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Deere v. Unknown CDC Employees

United States District Court, E.D. California

June 15, 2017

ARTHUR RAY DEERE, Sr., Plaintiff,
v.
UNKNOWN CDC EMPLOYEES, et al., Defendants.

          ORDER

          DEBORAH BARNES UNITED STATES MAGISTRATE JUDGE.

         Plaintiff is a state prisoner proceeding pro se and in forma pauperis with a civil rights action under 42 U.S.C. § 1983. Plaintiff's first amended complaint is before the court for screening. In his complaint, plaintiff alleges the air quality at Mule Creek State Prison (“MCSP”) was so poor that it worsened his Chronic Obstructive Pulmonary Disease (“COPD”) and his overall health. Plaintiff also complains that he was celled with another inmate in a single cell. For the reasons set forth below, the court finds plaintiff has stated a potentially cognizable Eighth Amendment claim based on air quality but has not stated a claim based on being celled with another inmate. Plaintiff will be given an opportunity to amend his complaint.

         BACKGROUND

         Plaintiff filed his original complaint on April 8, 2016. (ECF No. 1.) Plaintiff alleged that he suffered worsening of his COPD and other health problems due to the poor air quality in his cell and in the day room at MCSP. Plaintiff identified as defendants “Unknown CDC Employees” and the Prison Law Office (“PLO”). Plaintiff sought injunctive relief in the form of: (1) an order requiring MCSP to be compliant with federal air quality standards; (2) a 30-day monitor of MCSP for “water, air, medical, food service areas;” and (3) the assignment of new attorneys for the plaintiff class in Plata v. Brown.[1]

         On screening, the court found plaintiff failed to allege cognizable claims for relief and informed plaintiff that he must identify at least one person who was aware of the air quality problems plaintiff alleged, knew those air quality issues could or did affect inmate health, had the authority to take action to remedy the problem, and failed to take that action. The court also informed plaintiff that his requests for injunctive relief were moot because he is no longer incarcerated at MCSP. (Mar. 28, 2017 Order (ECF No. 12) at 6.) The court dismissed the complaint with leave to amend.

         On April 24, plaintiff filed a first amended complaint. (ECF No. 15.)

         SCREENING

         The court is required to screen complaints brought by prisoners seeking relief against a governmental entity or an officer or employee of a governmental entity. See 28 U.S.C. § 1915A(a). The court must dismiss a complaint or portion thereof if the prisoner has raised claims that are legally “frivolous or malicious, ” that fail to state a claim upon which relief may be granted, or that seek monetary relief from a defendant who is immune from such relief. See 28 U.S.C. § 1915A(b)(1) & (2).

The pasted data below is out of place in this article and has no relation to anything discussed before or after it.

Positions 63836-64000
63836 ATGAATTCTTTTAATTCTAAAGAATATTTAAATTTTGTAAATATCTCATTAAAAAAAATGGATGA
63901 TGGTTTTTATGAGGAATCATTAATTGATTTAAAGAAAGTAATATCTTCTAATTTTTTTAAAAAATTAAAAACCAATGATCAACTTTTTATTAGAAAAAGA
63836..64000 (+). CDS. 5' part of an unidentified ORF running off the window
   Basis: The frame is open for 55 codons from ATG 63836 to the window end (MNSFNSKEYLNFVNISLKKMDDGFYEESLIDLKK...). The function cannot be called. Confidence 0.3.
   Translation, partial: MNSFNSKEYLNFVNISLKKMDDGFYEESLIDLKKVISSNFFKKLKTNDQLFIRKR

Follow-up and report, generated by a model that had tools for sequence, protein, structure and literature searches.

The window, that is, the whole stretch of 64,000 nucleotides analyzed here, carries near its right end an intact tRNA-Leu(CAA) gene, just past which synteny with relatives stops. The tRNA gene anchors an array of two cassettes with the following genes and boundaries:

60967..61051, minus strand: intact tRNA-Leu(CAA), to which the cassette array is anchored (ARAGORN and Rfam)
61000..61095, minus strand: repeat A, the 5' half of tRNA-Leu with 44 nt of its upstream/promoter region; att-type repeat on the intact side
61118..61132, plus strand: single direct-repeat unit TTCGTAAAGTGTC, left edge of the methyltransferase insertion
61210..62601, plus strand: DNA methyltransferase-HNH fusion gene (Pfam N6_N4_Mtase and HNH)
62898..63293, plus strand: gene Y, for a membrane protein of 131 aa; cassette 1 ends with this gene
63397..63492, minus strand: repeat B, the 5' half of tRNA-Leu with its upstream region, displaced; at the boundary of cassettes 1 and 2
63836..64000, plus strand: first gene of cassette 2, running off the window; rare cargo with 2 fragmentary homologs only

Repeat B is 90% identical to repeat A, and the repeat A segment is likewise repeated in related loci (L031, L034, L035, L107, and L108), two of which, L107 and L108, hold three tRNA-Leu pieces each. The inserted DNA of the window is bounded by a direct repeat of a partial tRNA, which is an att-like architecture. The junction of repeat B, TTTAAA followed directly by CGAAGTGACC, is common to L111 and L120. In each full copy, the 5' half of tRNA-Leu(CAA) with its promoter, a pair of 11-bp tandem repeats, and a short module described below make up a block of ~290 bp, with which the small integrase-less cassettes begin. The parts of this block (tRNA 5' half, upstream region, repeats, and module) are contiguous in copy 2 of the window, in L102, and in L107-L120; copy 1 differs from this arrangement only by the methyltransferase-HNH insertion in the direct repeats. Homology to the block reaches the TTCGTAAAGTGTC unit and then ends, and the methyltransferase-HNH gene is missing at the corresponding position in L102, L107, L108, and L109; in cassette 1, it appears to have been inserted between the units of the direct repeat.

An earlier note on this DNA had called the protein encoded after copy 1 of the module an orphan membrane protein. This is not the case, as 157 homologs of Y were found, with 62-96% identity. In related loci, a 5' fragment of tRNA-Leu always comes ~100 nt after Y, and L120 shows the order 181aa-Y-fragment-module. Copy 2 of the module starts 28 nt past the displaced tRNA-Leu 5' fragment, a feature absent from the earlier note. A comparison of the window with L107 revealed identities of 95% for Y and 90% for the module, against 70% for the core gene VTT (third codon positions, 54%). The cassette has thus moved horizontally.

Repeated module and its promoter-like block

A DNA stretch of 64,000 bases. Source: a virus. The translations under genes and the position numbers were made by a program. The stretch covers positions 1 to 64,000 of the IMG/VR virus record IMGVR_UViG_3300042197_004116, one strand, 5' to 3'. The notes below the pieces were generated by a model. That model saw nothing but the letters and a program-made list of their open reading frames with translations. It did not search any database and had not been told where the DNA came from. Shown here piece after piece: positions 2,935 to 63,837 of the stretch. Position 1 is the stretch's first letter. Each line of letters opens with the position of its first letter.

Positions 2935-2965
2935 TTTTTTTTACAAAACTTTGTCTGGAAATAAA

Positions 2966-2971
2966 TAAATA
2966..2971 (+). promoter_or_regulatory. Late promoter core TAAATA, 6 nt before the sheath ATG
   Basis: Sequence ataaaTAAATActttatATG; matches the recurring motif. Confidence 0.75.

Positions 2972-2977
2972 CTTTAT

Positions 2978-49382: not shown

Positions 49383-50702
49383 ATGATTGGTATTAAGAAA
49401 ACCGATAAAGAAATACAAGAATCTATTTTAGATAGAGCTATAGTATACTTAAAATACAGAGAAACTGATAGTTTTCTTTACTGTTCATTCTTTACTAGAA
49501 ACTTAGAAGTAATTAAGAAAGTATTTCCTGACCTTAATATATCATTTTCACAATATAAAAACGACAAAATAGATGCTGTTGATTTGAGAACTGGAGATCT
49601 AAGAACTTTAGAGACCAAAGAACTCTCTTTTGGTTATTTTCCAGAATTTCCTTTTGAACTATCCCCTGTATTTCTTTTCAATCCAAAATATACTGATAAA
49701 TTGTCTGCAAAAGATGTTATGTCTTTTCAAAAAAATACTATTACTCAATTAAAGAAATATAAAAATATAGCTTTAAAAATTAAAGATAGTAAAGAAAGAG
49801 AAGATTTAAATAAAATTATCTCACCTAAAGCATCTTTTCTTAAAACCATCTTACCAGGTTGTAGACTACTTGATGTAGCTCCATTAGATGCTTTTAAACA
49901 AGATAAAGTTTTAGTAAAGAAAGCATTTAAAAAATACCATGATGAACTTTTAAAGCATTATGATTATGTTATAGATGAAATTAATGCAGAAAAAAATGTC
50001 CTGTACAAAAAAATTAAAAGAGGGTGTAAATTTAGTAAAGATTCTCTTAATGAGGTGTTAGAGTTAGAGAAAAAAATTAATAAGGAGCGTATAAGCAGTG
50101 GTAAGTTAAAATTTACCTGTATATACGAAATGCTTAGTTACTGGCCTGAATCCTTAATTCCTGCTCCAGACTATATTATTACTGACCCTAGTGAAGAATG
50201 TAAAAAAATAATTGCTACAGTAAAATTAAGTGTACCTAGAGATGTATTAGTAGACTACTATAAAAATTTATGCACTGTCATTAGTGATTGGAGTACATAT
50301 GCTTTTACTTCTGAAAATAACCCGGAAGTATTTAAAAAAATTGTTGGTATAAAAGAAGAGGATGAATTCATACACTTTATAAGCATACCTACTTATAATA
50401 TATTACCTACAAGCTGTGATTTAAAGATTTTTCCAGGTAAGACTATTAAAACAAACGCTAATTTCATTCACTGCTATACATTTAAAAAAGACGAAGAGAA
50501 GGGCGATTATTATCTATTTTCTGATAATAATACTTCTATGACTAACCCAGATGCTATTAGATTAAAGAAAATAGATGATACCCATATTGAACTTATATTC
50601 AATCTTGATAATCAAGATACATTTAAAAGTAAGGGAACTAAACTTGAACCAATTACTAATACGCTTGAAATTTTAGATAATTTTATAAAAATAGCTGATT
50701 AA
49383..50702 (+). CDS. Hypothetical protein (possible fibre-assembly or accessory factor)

In the first amended complaint, plaintiff identifies one defendant: Warden Joe Lizarraga. Plaintiff contends defendant Lizarraga was aware that plaintiff was a “high risk medical inmate with cronic COPD and emphysema” but nonetheless exposed plaintiff to “hazardous materials such as dust, ” “irritating pollens, ” and “asbestos generated by rock crushing quarries in the area.” (ECF No. 15 at 4.) Plaintiff contends the air circulation and filtering systems at MCSP were inadequate. Plaintiff alleges he suffered daily asthma attacks and constant stress that aggravated his heart condition and that his lung condition worsened. Plaintiff also complains that he was double celled in a cell designed for one inmate. He seeks compensatory and punitive damages, and an order requiring he be placed in a single cell permanently.

         Plaintiff's allegations that defendant Lizarraga was aware of plaintiff's health conditions and the poor air quality and failed to remedy the problem state a potentially cognizable claim that defendant Lizarraga was deliberately indifferent to plaintiff's serious medical needs in violation of the Eighth Amendment. See Farmer v. Brennan, 511 U.S. 825, 847 (1994) (“[A] prison official may be held liable under the Eighth Amendment for denying humane conditions of confinement only if he knows that inmates face a substantial risk of serious harm and disregards that risk by failing to take reasonable measures to abate it.”).

         Plaintiff has not, however, stated any sort of claim regarding his placement in a single cell with another inmate. Plaintiff does not show defendant was even aware of that placement, much less that he was deliberately indifferent to a substantial risk of serious harm to plaintiff. Nor has plaintiff shown that being celled with another inmate caused him any harm. Overcrowding by itself is not a constitutional violation, Doty v. County of Lassen, 37 F.3d 540, 545 n.1 (9th Cir. 1994), and the denial of single cell status by itself does not rise to the level of an Eighth Amendment violation, Rhodes v. Chapman, 452 U.S. 337 (1981).

         Plaintiff will be given another opportunity to amend his complaint to attempt to state a cognizable claim based on being celled with another inmate. Plaintiff is reminded that any amended complaint must be complete in itself without reference to any prior pleading. E.D. Cal. R. 220. Once plaintiff files an amended complaint, any prior pleadings are superseded.

         Plaintiff is advised that he need not amend his complaint. If he chooses not to do so, this case will proceed on his Eighth Amendment claim against ...


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